Saturday, January 11, 2020

Questioning Assumptions or Why I Read a Motor Learning Textbook

In volleyball coaching circles, there may be nothing as polarizing as talking about Gold Medal Squared and their philosophies. Many coaches swear by their methods, many coaches just swear when the group is mentioned. It is difficult to know what principles the group espouses without going to a clinic and yet most coaches are happy to give a summary of what GMS is all about even while lacking that direct knowledge. I think that this behavior appears regularly in many facets of our lives and we usually commit varying degrees of the straw man fallacy in those moments. I am not writing to take a stand for or against GMS. I'm more interested in our behavior around discussions like those between pro- and anti-GMS folks.

"The science" is a commonly-used term in presentations from GMS staff that I have attended. That term tends to represent two ideas, motor learning and scientific research. I have learned a fair bit about scientific research through my academic career but I haven't had the same kind of exposure to the field of motor learning. My memories of motor learning were all of hearing coaching clinicians talk about motor learning in much the same way as I have mentioned, as "the science". And what was the clinician's level of expertise in motor learning? I have no idea now and I likely didn't know at the time either. It likely was not made explicit since it was not the main focus of what the clinic or presentation was about. This is the point: non-experts taking the words of possible non-experts and giving them the same weight as the actual "science". I don't know how well the speakers actually know "the science" but the words sound good to me and, therefore, carry more weight in my mind. It doesn't matter if I am agreeing or disagreeing with what the speaker has said, what I have overlooked is their role as an interpreter. They are sharing either a portion of the body of research or, more accurately, their perception of that portion. I, like most people, will unintentionally conflate the speaker's words with the words of the original idea that the speaker describes.

This conflation becomes very obvious if we use an opinion instead of a fact. I will tell you that, based on my experience, the Grand Canyon is grander than the Great Wall is great. As you evaluate my statement you are likely to understand that it is an opinion. If I tell you instead that the Grand Canyon is longer than the Great Wall, it is much more likely that you will evaluate the statement as a fact (true or not) rather than an opinion. If you have no previous experience with either of these wonders, you may not be able to evaluate the truth of my statement, which leaves you in a precarious place. If we are friends and you trust me because I happen to be really good at trivia games, you may readily accept what I say. If we are friends and I am really good at trivia games and I like to pull the occasional prank, you may not trust me. But what if I am a speaker at a conference and I make the same conjecture? What if that conjecture is embedded in the presentation I give and it is part of a chain of evidence that I use to reach an important conclusion? If you're not a connoisseur of wonders of the world, you may not even notice because both of us are paying more attention to conclusion that I reach. You trust me not to lead you astray as I build my argument and I do my best to earn that trust.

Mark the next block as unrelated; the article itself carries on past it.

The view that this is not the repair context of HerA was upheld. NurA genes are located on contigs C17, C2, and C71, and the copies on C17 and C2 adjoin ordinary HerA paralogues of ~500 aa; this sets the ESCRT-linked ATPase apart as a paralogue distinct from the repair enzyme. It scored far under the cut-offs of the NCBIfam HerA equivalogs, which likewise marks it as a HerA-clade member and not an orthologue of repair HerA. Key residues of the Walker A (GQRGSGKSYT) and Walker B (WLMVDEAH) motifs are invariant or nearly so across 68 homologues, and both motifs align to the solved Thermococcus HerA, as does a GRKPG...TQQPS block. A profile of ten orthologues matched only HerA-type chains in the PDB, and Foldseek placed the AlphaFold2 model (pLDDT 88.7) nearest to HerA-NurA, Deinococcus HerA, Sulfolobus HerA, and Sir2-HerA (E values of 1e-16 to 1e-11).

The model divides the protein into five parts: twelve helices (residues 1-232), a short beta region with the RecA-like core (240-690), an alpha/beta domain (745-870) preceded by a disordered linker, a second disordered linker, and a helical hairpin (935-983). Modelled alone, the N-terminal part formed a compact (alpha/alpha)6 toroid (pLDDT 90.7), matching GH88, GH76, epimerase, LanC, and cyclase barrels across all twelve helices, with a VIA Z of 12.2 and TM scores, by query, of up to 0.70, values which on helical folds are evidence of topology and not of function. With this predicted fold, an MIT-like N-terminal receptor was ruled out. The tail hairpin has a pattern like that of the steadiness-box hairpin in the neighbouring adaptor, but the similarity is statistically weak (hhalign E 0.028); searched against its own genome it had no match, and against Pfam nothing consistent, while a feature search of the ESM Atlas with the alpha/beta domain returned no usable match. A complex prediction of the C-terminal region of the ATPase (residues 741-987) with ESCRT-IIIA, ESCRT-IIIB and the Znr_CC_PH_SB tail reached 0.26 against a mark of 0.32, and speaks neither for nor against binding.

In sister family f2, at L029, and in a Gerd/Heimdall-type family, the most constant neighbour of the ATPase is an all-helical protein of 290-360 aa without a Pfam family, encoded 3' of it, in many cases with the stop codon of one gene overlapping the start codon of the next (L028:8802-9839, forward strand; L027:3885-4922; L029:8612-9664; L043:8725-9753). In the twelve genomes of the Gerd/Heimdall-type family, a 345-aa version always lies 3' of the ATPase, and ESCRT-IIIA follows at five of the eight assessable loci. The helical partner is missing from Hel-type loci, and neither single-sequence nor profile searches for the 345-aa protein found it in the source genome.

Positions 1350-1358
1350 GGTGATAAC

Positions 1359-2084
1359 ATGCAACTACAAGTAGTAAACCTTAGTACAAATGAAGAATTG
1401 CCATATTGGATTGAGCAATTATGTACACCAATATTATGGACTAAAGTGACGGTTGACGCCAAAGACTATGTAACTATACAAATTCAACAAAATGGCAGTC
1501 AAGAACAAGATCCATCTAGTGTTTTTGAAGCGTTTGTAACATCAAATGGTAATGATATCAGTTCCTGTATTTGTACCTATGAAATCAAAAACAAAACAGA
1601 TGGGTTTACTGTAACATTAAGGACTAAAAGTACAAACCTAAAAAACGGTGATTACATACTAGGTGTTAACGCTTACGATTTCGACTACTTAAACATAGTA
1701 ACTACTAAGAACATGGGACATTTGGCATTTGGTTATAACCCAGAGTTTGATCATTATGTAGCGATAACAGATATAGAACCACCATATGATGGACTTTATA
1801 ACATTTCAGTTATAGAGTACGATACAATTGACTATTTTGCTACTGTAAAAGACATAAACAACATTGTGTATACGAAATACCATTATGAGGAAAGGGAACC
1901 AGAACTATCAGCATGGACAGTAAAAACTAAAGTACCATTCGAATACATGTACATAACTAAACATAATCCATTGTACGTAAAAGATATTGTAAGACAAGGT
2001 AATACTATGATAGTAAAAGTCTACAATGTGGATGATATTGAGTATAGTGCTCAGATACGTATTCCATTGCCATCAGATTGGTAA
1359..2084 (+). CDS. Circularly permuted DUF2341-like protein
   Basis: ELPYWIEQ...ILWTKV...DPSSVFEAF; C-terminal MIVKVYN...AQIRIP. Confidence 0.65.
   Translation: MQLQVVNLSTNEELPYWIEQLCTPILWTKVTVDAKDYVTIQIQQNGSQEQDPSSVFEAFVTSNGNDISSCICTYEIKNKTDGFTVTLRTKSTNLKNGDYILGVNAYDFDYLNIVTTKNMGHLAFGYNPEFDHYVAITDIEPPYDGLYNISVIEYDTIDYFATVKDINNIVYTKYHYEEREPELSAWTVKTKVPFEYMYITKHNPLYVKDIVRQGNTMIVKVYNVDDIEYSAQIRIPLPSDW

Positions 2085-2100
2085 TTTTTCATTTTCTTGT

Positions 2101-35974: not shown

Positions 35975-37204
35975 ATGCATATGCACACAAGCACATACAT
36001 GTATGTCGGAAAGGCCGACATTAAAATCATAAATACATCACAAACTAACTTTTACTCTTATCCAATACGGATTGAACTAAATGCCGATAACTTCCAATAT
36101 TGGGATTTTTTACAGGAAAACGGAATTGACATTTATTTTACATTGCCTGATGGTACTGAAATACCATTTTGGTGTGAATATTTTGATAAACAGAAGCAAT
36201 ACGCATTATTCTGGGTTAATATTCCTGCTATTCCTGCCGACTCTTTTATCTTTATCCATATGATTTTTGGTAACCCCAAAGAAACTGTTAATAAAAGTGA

To be clear, I am not saying that conference speakers are trying to lead us astray nor am I saying that we need to check the credentials of every speaker we listen to. I prefer to work from the assumption that presenters are earnestly doing their best to give us a concise and coherent story without getting bogged down in nuance any more than is necessary. So what does that have to do with motor learning?

When I hear people (from either side of the GMS fence) tell me what GMS believes or what "the science" says, I want to know more. I want to investigate the claims, not out of mistrust but out of fascination with learning. I want to root intellectual laziness out of me and that means reading "the science". That means asking questions. Often. That means digging deeper instead of just digging in my heels. I don't want my initial response to be "they don't know what they're talking about". I want it to be "I don't know what I am listening to". That curiosity can help me see what I need to wrap my head around. In the case of GMS, it meant learning more about motor learning.

I read Motor Control and Learning: A Behavioral Emphasis by Richard A. Schmidt and Timothy D. Lee this winter break with the intent of learning what everybody meant by "the science". I found it to be boring at moments and exhilarating at others. Above all, I found it thought-provoking. I highlighted stuff, I downloaded research papers to read. I talked with friends that know more about this topic than I do. I talked with friends that rely on motor learning but in different contexts. I dug deeper. I learned. I came away with as many questions as answers. I'd tell you what I learned but that would defeat the whole point of this exercise.

"Do not seek to follow in the footsteps of the wise; seek what they sought." - Matsuo Bashō

As for the Great-Grand comparison, go look it up. Or, even better if you're able, go look for yourself.

Questioning Assumptions or Why I Read a Motor Learning Textbook

In volleyball coaching circles, there may be nothing as polarizing as talking about Gold Medal Squared and their philosophies. Many coach...